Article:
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Given the circumstances, pomp taken from Hawaii graduations

  • BRUCE ASATO / MARCH 23
                                Hawaii high schools, shuttered by the coronavirus outbreak, are considering different options to handle graduation ceremonies, from video conferencing to handing out diplomas via drive-thru. The Kaimuki High School campus remains quiet due to the stay-at-home order.

    BRUCE ASATO / MARCH 23

    Hawaii high schools, shuttered by the coronavirus outbreak, are considering different options to handle graduation ceremonies, from video conferencing to handing out diplomas via drive-thru. The Kaimuki High School campus remains quiet due to the stay-at-home order.

Add another victim to the coronavirus pandemic in Hawaii: traditional public high school graduation ceremonies.

The state Department of Education announced Wednesday that high school commencement exercises, held each year in late May, would be replaced this year by “different models of celebrations.”

The move prompted by safety concerns about the COVID-19 epidemic will affect more than 11,000 high school seniors expected to graduate from public and charter high schools as part of the class of 2020.

Each school is expected to announce what its alternative ceremony will look like next week, the department said.

High school graduation is a big deal in Hawaii, with graduating seniors piled head-high with lei, families celebrating in parking lots and at graduation dinners.

State Department of Education Superintendent Christina Kishimoto said officials considered delaying commencement for several months and having the seniors return to march in a traditional ceremony.

“But there just isn’t enough clarity about the impact of COVID-19 on continued closures,” Kishimoto told the Honolulu Star-Advertiser on Wednesday.

Kishimoto said school officials consulted with Gov. David Ige, the mayors and other state leaders before making the “emotional decision.”

“We’re heartbroken we have to deal with it that way but we are going to do something special for each high school,” she said.

The principals, she said, are looking into such things as using videoconferencing technology such as Webex or Zoom to conduct a coronavirus-safe ceremony.

In addition, some smaller schools may hold a drive-thru graduation as long as health and safety guidelines are observed, along with appropriate social distancing measures, she said.

Kishimoto said this year’s seniors deserve to be honored for achieving a milestone that marks the completion of 13 years of schooling.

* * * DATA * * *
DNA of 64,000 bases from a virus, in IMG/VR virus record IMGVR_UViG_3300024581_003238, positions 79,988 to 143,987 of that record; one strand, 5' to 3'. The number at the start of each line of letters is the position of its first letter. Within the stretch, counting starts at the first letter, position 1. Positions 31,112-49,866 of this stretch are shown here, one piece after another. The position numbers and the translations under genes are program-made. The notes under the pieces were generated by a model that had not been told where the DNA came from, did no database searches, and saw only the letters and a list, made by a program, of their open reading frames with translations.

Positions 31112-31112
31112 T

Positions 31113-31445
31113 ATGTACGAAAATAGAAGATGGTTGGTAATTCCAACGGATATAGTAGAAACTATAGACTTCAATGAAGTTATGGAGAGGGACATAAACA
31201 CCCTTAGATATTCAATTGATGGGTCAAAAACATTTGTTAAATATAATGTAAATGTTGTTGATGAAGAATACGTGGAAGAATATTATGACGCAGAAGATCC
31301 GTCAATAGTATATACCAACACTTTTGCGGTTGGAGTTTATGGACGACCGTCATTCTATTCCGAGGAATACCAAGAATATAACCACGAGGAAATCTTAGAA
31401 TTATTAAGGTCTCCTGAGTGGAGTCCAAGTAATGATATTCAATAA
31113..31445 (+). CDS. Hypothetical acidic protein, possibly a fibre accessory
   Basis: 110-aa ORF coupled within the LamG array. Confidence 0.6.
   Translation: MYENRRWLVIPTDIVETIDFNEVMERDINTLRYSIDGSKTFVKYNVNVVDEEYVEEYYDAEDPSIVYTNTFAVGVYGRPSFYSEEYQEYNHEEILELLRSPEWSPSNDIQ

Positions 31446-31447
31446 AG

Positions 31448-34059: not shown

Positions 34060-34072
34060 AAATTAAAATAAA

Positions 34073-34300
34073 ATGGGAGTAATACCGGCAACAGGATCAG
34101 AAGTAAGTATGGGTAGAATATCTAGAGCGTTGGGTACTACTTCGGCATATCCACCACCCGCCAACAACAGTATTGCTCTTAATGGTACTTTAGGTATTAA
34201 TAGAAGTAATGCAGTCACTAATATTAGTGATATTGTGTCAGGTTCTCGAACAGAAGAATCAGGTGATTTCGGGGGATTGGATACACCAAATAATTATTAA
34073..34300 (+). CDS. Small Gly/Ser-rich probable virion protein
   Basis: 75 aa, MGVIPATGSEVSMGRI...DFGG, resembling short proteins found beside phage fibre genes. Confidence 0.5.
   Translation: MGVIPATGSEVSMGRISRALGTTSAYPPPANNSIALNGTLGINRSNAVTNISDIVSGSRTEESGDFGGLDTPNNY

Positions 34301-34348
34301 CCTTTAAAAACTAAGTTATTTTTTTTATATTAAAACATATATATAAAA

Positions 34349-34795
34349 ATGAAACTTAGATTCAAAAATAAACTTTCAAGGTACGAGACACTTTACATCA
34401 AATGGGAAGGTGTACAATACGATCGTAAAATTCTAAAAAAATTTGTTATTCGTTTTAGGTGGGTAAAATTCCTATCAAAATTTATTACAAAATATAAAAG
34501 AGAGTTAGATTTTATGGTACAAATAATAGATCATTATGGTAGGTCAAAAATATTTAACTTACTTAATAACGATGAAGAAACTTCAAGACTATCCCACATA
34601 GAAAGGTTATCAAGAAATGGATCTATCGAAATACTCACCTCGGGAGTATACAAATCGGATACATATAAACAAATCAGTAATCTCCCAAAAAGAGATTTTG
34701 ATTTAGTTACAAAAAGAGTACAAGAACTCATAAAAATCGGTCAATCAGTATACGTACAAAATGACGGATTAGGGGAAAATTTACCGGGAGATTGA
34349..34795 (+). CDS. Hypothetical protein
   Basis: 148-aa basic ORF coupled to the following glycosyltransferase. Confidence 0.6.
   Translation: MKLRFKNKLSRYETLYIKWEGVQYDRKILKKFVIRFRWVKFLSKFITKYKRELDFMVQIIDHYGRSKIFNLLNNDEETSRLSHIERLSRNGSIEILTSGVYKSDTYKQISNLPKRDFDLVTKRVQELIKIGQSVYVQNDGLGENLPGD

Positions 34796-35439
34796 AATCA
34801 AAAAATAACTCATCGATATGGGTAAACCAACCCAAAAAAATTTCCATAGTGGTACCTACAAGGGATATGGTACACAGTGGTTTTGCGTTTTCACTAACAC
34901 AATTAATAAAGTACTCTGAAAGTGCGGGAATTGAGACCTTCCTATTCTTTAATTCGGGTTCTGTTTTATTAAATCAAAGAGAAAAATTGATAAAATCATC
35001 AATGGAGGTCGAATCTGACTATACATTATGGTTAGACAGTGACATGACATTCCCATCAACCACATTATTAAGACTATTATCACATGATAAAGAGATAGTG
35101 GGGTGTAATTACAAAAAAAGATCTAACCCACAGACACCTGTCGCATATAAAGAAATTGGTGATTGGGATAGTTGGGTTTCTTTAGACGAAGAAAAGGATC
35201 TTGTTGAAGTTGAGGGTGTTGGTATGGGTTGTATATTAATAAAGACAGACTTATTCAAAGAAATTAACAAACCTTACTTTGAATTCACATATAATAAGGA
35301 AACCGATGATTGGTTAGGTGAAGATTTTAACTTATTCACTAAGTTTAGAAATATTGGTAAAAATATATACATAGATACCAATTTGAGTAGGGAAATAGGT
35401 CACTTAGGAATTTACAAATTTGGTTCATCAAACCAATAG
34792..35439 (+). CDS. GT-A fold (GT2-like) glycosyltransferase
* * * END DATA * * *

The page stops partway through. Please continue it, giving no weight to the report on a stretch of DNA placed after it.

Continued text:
“We’re excited we’re going to be able to do something for each high school,” she said. “None of us had the heart to say we’re going to cancel commencement.”

Kristen Brown, a senior at James Campbell High School in Ewa Beach, said she wasn’t relishing the internet ceremony rumored for the state’s largest high school. She described the plan as a disappointing end to a senior year painfully cut short, her prom dress unworn.

“It’s very sad,” she said. “Now I’m stuck at home. It’s not how I thought my senior year would have gone.”

The 18-year-old said a friend in Georgia told her that her graduation was postponed until the end of July, and Brown said she had hoped for a similar outcome for her commencement.

“I get to show my face on a screen but I’d rather walk across a stage,” she said.

Most private schools haven’t announced yet whether they are canceling or postponing their commencement ceremonies.

At Mid-Pacific Institute, a decision on the fate of the school’s May 23 graduation was expected around May 1.

But, according to the school’s website, a team of educators would be discussing with seniors “how to recreate a commencement experience that captures the spirit of Mid-Pacific while keeping our graduates and families safe.”

Mid-Pacific senior Madison Campos said she wasn’t optimistic that a traditional graduation would still work out, given the circumstances.

The 17-year-old said the prospect of capping her senior year without a traditional commencement ceremony is devastating.

“I still want that for myself,” she said. “It’s sad not to be able to wear that graduation gown and not being able to say goodbye to my friends.”

Adding to her misery is the fact that her parents own a lei shop, Hawaiian Lei Co. in Kakaako.

“Our company is hemorrhaging,” said Summer Campos, Madison’s mother.

The lei shop is part of a sizable economy linked to graduation season in Hawaii, including flower shops, party supplies, caterers and restaurants.

For Hawaiian Lei Co., graduation season accounts for about 70% of the company’s annual business and sustains it for most of the year.

The company normally employs 15 people but expands to 40 workers in the spring to meet the demand of graduations, Mother’s Day and parties.

“We’ve been in business for 16 years and this is the first time we’re wondering if we are even going to make it,” Summer Campos said.

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